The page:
· It causes your heart to race, your blood pressure to go up, and your palms to sweat, as it readies you tofight or flee.
· It changes how you act - making you freeze or become aggressive, depending on whether you the threat seems overwhelming or can be overcome.
· It promotes short-term goals that enhance immediate survival over any other long term plans you might have.
The upshot of all this is that you may successfully avoid potential threats – but you do so at the cost of compromising your capacity for long-term planning, insight, and seeing the big picture. This is, of course, costly if you have to make choices best made from a calm, cool, collected place.
A key is to remember that the brain evolved the emotion of fear many millions of years ago when our human ancestors were trying to avoid being eaten by predators. To keep our ancestors safe, fear became a powerful, all-encompassing emotion that tries to take control over what you’re doing and feeling in order keep you safe no matter what. In today’s modern world, we don’t have to run away from tigers and lions, but we do have to manage many other threats to our safety and well-being. Whether it’s a tough economic times or an argument with a loved one, our brain can interpret these everyday threats as every bit as dangerous as was the attack of a tiger for our human ancestors.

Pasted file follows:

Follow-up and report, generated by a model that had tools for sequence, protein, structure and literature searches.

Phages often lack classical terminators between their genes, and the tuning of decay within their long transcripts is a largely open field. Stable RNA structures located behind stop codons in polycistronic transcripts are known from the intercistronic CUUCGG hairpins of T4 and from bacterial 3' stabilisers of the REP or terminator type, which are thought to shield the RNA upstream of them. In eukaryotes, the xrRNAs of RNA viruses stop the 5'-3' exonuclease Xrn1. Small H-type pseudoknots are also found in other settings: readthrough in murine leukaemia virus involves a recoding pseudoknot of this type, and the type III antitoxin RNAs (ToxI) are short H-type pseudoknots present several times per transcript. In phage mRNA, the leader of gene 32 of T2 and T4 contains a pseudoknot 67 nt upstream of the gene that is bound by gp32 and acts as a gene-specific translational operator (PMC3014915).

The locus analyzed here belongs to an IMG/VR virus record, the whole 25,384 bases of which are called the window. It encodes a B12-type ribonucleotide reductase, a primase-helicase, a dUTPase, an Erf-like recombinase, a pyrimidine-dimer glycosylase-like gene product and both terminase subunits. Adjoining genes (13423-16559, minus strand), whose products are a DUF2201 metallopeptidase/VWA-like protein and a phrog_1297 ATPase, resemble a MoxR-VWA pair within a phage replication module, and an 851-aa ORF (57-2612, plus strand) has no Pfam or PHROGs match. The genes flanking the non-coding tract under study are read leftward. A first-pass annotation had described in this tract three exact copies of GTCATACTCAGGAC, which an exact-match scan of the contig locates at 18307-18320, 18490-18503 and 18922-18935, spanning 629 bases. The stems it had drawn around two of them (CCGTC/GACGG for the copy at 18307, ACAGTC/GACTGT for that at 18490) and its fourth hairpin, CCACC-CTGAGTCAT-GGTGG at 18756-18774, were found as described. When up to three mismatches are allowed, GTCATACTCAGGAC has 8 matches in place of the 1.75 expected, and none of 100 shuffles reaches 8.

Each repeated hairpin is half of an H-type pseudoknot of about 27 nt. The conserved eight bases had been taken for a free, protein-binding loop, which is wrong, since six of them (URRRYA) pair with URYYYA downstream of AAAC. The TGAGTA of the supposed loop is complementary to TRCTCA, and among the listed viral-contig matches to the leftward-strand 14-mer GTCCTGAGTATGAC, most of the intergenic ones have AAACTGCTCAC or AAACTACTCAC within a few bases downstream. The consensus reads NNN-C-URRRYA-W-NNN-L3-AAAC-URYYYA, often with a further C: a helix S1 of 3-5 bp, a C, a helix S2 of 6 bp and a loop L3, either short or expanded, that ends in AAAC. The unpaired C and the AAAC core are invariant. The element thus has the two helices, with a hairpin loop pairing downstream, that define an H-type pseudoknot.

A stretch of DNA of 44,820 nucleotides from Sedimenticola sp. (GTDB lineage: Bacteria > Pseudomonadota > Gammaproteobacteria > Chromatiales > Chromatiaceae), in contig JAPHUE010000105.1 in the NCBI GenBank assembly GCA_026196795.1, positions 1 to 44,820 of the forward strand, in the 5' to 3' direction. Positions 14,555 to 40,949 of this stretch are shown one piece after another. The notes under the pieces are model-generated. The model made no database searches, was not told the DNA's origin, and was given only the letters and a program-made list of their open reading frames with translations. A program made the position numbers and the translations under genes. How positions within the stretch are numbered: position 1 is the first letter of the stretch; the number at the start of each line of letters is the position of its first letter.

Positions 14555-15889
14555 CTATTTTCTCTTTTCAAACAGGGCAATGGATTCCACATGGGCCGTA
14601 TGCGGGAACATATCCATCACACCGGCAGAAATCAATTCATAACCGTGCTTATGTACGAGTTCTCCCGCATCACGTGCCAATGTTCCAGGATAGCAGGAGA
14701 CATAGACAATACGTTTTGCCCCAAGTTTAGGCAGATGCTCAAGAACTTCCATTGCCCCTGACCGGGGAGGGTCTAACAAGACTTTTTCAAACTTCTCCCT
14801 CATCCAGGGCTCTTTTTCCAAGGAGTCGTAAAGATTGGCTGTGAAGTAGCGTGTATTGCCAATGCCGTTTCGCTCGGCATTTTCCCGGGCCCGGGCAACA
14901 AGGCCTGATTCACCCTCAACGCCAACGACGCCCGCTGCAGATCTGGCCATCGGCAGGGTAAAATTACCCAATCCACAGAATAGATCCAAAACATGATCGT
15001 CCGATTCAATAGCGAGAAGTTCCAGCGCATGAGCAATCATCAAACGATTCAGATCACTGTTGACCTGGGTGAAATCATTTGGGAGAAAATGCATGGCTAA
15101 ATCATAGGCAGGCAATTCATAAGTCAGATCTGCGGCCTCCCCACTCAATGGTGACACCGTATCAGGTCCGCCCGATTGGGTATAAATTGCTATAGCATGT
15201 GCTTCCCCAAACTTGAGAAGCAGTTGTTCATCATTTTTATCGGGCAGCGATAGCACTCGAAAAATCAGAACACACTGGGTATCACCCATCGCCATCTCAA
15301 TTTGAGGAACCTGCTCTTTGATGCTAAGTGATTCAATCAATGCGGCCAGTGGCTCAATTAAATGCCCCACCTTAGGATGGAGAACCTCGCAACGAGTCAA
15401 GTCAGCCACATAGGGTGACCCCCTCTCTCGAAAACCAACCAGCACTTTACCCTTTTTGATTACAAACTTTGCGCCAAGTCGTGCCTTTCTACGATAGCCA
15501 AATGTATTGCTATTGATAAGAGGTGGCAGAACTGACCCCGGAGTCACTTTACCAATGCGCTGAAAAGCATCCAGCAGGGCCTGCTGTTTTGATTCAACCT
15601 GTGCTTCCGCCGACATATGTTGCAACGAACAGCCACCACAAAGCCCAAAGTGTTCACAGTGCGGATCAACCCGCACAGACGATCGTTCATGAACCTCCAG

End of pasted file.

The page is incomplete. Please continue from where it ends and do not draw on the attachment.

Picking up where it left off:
What can I do to be less afraid? Luckily – we aren’t completely at the mercy of this fight or flight response. We can take control of it rather than letting it control us. In fact, we can regulate it in many ways – and our ability to do this depends critically on a part of the brain that is relatively new in evolutionary terms – the prefrontal cortex – which lies right behind your eyes/forehead. Three of the most effective regulatory strategies are: